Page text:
This month, we ran a round all about West Virginia. We covered New River Gorge, Marshall University, and, of course, John Denver. But, we also explored the spooooooky corners of the Mothman. Here’s a bit more on that…
On November 15, 1966, the Point Pleasant Register in Point Pleasant, West Virginia ran an unusual story on its front page. “ “Couples see man-sized bird…creature…something!” the headline read, and the paragraphs that followed described two local couples’ encounter with an oversized being while they were on a late-night drive.
“It was like a man with wings,” Steve Mallette told the paper. “It wasn’t like anything you’d see on TV or in a monster movie.” Although the four of them had no idea what they’d seen, they all agreed that it was somewhere between six and seven feet tall, had a massive wingspan, and glowing red eyes. They also added that the thing “flew about 100 miles an hour” as it passed their car.
In the days and weeks that followed, there were dozens of additional sightings — and additional news stories about them. Mary Hyre, a journalist at The Athens Messenger in Athens, Ohio, wrote her first piece about the weird-ass creature (“Winged, Red-Eyed ‘Thing’ Chases Point Couples Across Countryside”) on November 16, 1966, and she diligently worked the Moth-beat into the early part of the following year.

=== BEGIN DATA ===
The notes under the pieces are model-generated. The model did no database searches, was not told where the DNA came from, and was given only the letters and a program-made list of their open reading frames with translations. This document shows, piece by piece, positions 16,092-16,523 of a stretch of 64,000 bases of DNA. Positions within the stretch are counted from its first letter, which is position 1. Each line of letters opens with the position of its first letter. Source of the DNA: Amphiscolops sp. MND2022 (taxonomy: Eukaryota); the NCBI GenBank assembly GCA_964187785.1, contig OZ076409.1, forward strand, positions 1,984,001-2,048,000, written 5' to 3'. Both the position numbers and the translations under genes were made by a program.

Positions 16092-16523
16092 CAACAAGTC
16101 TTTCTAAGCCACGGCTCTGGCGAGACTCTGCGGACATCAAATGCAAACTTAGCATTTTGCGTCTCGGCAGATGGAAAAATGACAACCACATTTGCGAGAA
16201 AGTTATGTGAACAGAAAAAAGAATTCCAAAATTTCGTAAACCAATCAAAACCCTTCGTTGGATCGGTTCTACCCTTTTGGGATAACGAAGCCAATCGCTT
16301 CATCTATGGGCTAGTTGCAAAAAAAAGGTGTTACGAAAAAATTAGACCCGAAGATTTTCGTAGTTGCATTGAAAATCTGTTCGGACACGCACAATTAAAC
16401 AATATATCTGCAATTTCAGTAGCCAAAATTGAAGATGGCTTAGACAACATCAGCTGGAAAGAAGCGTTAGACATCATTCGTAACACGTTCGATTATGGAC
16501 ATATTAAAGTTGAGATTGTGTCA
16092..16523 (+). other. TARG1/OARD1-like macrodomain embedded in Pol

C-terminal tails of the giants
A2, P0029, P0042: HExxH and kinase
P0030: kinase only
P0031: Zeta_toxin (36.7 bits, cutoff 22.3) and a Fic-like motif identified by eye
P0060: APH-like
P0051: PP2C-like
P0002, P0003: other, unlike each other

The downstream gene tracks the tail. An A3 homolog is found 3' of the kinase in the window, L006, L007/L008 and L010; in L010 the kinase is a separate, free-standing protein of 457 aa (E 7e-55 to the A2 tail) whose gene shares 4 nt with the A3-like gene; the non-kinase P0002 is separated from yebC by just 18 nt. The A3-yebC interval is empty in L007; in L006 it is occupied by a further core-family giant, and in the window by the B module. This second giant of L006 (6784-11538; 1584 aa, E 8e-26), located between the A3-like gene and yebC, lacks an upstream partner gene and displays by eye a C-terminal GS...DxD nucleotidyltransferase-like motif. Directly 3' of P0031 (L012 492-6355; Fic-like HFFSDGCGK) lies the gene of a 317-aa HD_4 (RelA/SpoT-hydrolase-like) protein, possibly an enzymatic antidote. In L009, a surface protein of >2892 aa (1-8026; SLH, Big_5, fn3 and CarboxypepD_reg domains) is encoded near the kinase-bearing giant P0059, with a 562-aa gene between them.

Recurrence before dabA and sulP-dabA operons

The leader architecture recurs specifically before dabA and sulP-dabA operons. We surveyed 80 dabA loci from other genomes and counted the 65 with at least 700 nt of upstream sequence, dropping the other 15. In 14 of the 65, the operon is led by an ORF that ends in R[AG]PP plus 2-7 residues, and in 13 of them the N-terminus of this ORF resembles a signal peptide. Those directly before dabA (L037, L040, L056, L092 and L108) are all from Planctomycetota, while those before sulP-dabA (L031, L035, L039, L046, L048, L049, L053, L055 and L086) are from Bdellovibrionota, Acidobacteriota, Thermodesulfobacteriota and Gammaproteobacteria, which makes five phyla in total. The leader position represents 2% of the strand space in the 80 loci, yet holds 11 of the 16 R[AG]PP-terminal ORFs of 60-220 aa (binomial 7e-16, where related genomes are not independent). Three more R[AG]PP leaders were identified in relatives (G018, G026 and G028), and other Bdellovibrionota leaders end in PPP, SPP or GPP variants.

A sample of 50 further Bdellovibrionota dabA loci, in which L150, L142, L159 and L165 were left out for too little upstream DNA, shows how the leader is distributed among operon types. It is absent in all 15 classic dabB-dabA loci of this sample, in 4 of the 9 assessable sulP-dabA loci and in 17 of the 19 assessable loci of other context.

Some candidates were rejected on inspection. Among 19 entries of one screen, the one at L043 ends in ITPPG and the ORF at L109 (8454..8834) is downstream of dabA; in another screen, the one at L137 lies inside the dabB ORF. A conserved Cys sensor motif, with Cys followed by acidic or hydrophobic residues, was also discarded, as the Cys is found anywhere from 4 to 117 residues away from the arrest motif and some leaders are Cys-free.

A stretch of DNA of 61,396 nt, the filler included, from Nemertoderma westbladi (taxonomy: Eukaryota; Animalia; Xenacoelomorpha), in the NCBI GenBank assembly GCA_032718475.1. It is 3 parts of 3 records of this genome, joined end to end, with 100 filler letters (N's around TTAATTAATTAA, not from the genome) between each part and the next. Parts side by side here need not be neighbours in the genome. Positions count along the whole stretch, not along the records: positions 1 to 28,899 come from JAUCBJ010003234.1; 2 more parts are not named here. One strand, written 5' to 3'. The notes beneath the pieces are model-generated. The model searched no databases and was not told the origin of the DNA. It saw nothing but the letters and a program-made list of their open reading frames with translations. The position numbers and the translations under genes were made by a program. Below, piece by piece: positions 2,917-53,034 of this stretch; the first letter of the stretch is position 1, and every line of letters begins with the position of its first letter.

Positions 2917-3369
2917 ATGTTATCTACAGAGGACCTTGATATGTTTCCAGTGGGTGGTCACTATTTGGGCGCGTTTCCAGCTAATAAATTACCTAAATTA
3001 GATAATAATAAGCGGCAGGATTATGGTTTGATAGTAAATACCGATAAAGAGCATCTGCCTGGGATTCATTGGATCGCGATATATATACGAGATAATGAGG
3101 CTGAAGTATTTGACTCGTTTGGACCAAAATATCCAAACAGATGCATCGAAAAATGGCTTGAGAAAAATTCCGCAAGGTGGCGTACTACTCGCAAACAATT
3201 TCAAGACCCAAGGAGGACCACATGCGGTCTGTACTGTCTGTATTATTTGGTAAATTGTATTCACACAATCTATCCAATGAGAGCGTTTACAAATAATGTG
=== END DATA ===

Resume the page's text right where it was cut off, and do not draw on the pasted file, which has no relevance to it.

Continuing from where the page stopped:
The Mothman attracted attention from around the world, and its huge wings and eerie red eyes were supposedly sighted as far away as Russia. But its most chilling potential appearance was on December 15, 1967, when some Point Pleasant residents said they saw it whizzing around the Silver Bridge, which connected the West Virginia town to Gallipolis, Ohio. Shortly after that sighting, the bridge collapsed, killing 46 people.
That turned the Mothman from a frightening-but-maybe-harmless creature into a straight-up harbinger of doom. “I think probably most people see him as more of a villain, but honestly, he could be both, and in many ways, he is both,” West Virginia storyteller Jason Burns told WBOY. “Because there’s no actual proof that he caused the collapse. He could have just been saying, ‘Hey, it’s going to happen, lookout. I’m on the bridge pointing out the break.’”
The Mothman’s connection to the Silver Bridge disaster was further strengthened by the 1975 book The Mothman Prophecies, written by UFOlogist John Keel. (The book was dedicated to journalist Mary Hyre, who died in 1970.) It was later adapted into a film starring Richard Gere and Laura “The Worst Part of Love Actually” Linney.
Fifty-five years later, there’s still no real explanation for the sightings. The Audubon Society has suggested that it could’ve been a large bird, or even a barn owl. And Point Pleasant has leaned hard into its local cryptid: there’s an unnecessarily thicc statue of the Mothman in the city center, and visitors can either spend a couple of hours in the Mothman Museum or an entire weekend at the annual Mothman Festival.
But you still might want to avoid the back roads at night, you know, just in case.